Message from discussion "In the States" when not
From: CyberCypher <cybercyp...@19-16-25-13-01-03.com>
Subject: Re: "In the States" when not
Date: 10 Sep 2004 00:19:06 GMT
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Richard Maurer wrote on 10 Sep 2004:
> Tom wrote:
> Can I say "I'll be there in a half-hour" or "I'll be there in
> half hour"? I'm in the States.
> Areff responded:
> First off, you get Oy!ed for using that expression "the
> States". This is a deprecated usage outside of military and
> diplomatic contexts. Odd thing is, the British think
> Americans commonly use "the States" (they don't), and the
> Americans think the British commonly use "the States" (they
> do, but only because they mistakenly think that's what
> Americans commonly do).
I guess that puts people like me --- expatriate --- into the diplomatic
category. I use "the States" all the time and have for the past 20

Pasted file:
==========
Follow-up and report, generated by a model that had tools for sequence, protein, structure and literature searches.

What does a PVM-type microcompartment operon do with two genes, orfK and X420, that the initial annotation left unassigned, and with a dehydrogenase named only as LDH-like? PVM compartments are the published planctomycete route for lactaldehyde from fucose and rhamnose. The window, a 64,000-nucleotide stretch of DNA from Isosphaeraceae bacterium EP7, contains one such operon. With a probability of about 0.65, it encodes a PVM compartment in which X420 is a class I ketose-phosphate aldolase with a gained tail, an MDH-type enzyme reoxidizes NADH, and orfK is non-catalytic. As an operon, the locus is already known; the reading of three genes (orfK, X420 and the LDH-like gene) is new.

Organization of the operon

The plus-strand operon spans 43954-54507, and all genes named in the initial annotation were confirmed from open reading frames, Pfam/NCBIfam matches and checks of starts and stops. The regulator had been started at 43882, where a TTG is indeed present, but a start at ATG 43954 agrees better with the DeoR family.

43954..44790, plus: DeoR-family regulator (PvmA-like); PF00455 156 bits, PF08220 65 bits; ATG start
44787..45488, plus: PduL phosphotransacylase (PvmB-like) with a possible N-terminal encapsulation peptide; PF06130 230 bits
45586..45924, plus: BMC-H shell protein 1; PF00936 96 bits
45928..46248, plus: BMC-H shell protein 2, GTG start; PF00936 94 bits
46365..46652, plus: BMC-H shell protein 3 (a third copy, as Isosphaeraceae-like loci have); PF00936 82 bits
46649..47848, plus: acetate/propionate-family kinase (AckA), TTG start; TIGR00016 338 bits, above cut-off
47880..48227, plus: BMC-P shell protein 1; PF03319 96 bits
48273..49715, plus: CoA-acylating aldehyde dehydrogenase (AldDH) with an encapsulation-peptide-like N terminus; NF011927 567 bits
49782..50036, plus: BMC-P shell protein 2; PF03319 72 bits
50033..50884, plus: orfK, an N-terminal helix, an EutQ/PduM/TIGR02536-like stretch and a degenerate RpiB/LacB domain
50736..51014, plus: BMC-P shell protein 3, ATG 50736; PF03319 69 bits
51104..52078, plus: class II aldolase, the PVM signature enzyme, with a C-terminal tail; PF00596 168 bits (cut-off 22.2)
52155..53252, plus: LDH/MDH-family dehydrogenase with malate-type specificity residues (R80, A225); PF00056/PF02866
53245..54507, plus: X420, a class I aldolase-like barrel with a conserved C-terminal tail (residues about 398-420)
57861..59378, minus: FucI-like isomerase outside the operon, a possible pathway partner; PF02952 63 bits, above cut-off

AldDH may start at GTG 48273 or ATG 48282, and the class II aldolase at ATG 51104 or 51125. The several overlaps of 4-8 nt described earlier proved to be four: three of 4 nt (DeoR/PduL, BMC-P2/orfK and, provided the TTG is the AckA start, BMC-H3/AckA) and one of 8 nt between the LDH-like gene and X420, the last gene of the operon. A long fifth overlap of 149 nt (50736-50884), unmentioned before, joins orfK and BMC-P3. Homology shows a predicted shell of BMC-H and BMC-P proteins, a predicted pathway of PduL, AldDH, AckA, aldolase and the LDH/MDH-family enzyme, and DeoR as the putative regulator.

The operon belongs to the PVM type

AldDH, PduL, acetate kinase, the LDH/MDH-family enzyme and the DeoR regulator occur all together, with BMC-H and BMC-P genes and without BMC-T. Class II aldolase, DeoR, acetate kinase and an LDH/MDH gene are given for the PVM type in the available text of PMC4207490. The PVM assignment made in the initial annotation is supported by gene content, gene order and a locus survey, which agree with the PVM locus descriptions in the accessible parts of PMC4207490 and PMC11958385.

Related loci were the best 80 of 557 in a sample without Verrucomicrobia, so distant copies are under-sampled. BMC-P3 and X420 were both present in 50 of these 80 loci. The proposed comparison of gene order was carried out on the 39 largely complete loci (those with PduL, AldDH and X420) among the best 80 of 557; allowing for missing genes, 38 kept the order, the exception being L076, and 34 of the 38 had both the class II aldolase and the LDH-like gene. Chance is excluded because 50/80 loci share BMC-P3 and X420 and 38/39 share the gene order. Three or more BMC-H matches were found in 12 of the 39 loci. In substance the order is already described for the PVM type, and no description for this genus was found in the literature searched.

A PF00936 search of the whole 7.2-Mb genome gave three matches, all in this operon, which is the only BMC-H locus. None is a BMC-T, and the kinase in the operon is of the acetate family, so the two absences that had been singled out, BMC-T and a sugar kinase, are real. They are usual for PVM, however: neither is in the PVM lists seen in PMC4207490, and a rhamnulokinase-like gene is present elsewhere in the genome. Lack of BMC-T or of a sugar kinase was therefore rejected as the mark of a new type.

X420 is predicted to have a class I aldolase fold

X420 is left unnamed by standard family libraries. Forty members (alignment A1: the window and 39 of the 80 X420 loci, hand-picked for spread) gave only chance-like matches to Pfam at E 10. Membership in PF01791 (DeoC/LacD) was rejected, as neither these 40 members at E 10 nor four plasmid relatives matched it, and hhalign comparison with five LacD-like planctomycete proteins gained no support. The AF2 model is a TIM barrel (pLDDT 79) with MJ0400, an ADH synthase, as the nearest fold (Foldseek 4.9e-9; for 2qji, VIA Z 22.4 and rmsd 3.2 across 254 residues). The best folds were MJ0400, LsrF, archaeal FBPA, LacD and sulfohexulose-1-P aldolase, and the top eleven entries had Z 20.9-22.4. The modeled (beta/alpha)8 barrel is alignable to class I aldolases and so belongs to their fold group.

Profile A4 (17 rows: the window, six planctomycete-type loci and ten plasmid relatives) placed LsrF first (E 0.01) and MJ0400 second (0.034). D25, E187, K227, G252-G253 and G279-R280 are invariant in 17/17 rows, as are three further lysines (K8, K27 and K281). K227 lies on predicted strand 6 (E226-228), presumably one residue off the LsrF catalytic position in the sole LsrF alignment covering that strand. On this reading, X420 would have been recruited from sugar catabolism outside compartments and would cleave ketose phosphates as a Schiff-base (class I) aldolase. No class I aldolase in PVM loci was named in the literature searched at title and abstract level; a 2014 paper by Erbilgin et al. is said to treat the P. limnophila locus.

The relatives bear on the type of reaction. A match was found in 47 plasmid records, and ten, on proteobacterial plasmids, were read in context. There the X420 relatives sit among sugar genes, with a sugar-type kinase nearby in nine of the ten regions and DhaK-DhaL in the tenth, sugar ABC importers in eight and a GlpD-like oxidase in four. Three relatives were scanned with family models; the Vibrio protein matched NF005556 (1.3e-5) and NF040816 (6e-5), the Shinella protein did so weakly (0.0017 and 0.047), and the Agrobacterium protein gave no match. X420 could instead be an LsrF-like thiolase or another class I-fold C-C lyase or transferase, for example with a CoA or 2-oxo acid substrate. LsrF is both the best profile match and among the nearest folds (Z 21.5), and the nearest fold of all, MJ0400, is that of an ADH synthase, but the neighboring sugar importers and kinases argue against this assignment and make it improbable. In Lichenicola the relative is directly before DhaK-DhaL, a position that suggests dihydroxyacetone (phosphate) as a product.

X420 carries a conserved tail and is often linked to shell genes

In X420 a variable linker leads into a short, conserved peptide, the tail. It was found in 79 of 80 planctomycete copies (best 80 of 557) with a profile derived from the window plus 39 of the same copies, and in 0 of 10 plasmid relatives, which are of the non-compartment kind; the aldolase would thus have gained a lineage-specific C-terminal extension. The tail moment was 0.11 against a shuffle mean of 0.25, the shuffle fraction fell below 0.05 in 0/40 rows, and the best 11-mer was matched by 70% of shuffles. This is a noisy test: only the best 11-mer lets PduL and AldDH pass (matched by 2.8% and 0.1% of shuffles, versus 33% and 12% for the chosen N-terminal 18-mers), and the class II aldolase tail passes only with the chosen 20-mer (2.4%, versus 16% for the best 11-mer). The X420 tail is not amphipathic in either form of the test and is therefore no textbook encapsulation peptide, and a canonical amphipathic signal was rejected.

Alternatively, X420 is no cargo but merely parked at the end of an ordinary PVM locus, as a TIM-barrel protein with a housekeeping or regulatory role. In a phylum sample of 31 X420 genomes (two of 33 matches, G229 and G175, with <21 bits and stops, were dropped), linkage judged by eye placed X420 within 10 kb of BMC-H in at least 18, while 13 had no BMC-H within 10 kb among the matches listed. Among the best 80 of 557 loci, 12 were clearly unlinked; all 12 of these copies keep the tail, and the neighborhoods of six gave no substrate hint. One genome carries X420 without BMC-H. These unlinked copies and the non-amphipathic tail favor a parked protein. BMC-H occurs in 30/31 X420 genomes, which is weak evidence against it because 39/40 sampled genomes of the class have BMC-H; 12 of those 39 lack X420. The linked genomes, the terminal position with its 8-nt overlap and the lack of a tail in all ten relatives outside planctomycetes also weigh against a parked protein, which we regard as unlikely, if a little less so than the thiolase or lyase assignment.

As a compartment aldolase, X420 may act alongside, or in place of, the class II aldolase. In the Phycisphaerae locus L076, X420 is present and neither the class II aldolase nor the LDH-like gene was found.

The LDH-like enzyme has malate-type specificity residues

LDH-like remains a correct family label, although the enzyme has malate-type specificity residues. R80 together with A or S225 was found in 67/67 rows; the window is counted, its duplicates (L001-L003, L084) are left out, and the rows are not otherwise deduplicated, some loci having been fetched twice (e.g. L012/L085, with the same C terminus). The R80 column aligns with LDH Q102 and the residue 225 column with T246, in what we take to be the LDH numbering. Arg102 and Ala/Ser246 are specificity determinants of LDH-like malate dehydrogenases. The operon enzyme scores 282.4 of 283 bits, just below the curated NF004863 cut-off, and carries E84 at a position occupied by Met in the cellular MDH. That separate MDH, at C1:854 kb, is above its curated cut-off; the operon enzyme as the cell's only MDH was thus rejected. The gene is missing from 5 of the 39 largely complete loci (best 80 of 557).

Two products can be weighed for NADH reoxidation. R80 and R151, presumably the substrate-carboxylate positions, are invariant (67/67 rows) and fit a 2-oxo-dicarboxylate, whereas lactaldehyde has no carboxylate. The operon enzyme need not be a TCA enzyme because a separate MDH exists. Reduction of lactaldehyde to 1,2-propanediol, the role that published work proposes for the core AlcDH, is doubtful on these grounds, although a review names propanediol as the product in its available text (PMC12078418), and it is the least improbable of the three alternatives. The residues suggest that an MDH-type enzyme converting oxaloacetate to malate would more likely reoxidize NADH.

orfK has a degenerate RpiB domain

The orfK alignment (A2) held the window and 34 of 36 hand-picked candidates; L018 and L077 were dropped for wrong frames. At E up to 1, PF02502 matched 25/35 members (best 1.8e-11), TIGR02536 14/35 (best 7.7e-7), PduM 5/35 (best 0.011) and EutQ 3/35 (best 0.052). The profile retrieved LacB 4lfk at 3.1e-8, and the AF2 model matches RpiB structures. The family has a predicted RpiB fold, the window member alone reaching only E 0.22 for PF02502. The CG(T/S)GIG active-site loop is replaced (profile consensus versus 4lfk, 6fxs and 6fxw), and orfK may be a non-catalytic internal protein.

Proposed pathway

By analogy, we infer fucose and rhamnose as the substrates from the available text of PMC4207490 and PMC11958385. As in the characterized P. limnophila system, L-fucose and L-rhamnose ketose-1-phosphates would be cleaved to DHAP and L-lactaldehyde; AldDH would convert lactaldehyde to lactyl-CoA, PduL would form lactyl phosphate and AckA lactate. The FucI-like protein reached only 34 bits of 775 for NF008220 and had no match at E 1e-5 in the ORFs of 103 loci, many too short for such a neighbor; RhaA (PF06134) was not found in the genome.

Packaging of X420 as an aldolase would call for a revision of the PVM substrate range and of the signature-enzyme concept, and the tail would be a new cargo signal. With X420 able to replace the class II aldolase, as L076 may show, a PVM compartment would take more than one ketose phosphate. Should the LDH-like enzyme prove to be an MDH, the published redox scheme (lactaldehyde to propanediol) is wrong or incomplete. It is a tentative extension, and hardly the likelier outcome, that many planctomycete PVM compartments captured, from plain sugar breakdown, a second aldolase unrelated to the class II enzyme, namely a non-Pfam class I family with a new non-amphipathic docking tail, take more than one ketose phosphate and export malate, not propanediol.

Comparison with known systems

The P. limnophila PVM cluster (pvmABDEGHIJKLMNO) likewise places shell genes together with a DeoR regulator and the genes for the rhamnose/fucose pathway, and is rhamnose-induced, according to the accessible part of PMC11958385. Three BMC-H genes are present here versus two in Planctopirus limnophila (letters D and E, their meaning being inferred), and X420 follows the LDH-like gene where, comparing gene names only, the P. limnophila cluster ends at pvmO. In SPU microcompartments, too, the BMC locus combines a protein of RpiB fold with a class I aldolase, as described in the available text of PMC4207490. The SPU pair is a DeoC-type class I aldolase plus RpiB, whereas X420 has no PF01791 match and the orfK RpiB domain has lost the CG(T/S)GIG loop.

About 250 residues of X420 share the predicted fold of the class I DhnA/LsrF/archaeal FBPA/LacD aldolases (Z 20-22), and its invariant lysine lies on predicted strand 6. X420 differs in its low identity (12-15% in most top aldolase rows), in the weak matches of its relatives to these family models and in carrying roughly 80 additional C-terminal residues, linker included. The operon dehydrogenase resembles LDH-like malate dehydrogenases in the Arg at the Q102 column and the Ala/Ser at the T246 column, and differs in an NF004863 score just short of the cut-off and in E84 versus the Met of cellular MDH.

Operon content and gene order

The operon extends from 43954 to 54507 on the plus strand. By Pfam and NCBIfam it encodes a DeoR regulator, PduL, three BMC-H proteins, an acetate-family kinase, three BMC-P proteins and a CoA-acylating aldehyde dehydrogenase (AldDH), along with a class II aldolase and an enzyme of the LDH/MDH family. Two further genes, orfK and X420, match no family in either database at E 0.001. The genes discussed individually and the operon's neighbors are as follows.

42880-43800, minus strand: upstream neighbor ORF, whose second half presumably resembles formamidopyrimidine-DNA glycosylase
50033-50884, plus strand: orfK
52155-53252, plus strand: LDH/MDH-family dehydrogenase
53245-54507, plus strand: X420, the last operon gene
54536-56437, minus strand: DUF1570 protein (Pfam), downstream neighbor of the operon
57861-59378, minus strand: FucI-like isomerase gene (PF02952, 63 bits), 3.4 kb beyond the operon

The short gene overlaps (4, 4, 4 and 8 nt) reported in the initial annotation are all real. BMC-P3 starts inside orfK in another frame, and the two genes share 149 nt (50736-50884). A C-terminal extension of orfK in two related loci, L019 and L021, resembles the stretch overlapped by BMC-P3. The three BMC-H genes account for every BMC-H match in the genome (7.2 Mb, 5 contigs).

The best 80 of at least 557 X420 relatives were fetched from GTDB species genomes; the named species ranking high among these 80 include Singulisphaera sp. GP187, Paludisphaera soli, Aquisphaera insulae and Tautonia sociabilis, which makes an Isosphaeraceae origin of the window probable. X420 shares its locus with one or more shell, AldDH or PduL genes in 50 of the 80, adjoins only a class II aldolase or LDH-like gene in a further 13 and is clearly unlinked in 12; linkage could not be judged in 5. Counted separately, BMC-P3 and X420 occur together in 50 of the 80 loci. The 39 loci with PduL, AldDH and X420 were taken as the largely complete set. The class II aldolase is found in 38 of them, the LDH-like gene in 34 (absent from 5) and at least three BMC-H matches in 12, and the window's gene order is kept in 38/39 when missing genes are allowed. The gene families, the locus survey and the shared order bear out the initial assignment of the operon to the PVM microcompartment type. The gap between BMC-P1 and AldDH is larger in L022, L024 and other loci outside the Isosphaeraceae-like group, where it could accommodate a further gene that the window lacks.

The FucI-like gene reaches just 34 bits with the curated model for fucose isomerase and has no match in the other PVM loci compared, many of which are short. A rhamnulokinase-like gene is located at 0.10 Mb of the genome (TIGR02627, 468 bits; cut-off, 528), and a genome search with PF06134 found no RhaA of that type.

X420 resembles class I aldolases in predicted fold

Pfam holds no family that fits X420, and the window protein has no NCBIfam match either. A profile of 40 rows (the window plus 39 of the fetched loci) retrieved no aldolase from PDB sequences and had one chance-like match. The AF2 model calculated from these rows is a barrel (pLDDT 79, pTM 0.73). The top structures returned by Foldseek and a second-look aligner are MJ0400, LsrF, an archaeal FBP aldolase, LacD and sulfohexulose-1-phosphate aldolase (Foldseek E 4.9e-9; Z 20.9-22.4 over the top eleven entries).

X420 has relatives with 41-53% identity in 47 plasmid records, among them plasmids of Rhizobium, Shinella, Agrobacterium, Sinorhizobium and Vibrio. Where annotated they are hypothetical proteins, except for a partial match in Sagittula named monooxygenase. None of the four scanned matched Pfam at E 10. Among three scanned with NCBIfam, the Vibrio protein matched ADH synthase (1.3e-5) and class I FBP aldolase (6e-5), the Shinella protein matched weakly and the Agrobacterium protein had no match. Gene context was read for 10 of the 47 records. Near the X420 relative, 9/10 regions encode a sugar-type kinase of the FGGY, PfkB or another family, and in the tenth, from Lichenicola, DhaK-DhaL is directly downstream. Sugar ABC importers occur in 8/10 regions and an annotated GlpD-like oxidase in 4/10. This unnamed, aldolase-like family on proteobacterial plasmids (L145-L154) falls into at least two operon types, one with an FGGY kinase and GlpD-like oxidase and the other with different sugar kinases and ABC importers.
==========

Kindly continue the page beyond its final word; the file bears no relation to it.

years. It's only youse guys who actually live there what don't use "the
States". I think the same goes for terms like "the continent" for Brits
and Europeans, and "the mainland" for Taiwanese and mainlanders.
> Which brings up the question about what term USA people do use
> while they are not in "The States". UK and Australian people
> can play as well, and indeed may be better judges.
It all depends on how I feel and what my brain forces out of my mouth.
"The States", "the US", "the USA", "America", "the United States", "the
Great Satan" (when I'm being iranic), and possibily other minor usages.
Franke: EFL teacher & medical editor
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